Eugene Goostman is happy to talk about his ‘Jewish identity.’ But you don’t want to know what the computer-generated entity has to say about his ‘little friend.’
Eugene Goostman is the first-ever computer generated entity to respond so well to questions that even experts would think he’s a real person. Guess what? He’s totally Jewish.
The German police plans to up their game in the fight against neo-Nazism with a app that can identify “forbidden songs” beloved of Germany’s far-right.
With the help of new technology, three experts in ancient Hebrew have been able to discern a different reading of the passage from a fragment of one of the Dead Sea Scrolls.
The Friedberg Genizah Project will use a high performance computer network at Tel Aviv University to break the codes of the Cairo Genizah.
The security arm of the Jewish federations network is intensifying training to resist cyber attacks in the wake of a wave of such attacks on synagogue websites.
It looked as if today’s primaries to choose the candidate roster for Israel’s ruling Likud party was going to be delayed by Operation Pillar of Defense. But the party showed resilience and went to the polls as scheduled — only to have the process descend in to a shambles by problems with the snazzy computerized system on which members are meant to vote.
The security company that has discovered some of the most sophisticated spying software unearthed to date says it found a related program, dubbed “miniFlame,” which can carry out more precise attacks on targets in the Middle East.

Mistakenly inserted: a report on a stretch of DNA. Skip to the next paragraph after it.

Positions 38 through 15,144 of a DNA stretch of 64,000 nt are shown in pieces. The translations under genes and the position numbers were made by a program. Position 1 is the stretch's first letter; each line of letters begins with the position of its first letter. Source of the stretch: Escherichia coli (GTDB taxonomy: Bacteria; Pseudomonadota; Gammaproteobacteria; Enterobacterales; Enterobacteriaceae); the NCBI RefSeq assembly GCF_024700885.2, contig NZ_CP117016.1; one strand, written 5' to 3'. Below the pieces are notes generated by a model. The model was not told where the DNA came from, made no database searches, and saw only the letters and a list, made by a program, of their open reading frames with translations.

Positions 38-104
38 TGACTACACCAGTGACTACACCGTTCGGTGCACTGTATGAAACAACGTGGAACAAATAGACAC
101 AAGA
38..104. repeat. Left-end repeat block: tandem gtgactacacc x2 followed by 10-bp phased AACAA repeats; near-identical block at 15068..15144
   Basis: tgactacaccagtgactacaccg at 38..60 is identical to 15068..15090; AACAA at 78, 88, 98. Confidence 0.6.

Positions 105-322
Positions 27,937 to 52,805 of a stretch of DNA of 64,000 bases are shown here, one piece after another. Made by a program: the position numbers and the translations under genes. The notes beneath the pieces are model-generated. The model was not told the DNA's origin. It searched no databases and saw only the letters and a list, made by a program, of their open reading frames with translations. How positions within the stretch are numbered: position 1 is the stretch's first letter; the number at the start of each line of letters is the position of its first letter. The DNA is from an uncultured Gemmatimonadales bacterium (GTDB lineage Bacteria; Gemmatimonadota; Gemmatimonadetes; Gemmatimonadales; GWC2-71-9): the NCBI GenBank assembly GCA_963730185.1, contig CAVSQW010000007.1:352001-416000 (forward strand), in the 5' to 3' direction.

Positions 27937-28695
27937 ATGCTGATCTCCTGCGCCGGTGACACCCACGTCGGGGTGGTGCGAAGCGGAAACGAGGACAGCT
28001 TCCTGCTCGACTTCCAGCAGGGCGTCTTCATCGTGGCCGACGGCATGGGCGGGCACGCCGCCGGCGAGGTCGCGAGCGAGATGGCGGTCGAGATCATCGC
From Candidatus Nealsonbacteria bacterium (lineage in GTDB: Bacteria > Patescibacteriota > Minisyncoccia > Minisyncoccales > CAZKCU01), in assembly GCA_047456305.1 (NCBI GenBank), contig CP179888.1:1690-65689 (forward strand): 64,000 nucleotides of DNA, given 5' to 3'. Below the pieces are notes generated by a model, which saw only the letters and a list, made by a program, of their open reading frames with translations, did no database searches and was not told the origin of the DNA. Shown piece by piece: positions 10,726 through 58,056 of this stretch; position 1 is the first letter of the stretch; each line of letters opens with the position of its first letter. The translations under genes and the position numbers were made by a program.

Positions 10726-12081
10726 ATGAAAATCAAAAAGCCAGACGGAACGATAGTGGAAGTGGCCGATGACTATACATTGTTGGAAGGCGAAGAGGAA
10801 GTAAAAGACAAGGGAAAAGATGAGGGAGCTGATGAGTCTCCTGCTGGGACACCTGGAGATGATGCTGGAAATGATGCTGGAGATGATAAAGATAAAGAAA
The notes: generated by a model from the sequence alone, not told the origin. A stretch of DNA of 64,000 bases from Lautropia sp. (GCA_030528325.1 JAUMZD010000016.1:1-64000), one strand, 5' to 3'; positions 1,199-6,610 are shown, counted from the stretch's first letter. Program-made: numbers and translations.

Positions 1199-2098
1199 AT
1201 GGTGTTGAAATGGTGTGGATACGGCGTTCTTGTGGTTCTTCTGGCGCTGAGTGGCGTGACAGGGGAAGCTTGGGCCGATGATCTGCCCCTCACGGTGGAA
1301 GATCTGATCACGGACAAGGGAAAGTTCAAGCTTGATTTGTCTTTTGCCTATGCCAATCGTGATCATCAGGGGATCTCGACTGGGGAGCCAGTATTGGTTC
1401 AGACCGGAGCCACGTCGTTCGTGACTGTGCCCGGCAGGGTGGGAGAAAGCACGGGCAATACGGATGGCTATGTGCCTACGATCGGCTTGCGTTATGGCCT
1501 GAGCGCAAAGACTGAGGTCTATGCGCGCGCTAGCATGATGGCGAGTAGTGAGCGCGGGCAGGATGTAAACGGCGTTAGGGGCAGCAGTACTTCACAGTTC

The Kaspersky internet security firm announced on Thursday that it has detected of a new kind of computer virus that has been targeting computers in Lebanon, Israel, and the Palestinian Authority.
A cyberspace security expert has revealed he received a series of emails from an Iranian nuclear scientist complaining that computers at two plants bizarrely started playing a heavy metal anthem over the weekend. According to Mikko Hypponen, a Finnish computer security expert who advises governments on cyber-security, the attack caused computers at the Natanz and Fordo nuclear plants to blast the metal anthem “Thunderstruck” , by Australian rock megagroup ACDC, at full volume through the middle of the night. Centrifuge-wrecking malware such as Flame and Stuxnet reportedly slowed Iran’s nuclear program, but it is not known if the “Thunderstruck” attack has similarly rocked Iran’s controversial nuclear ambitions.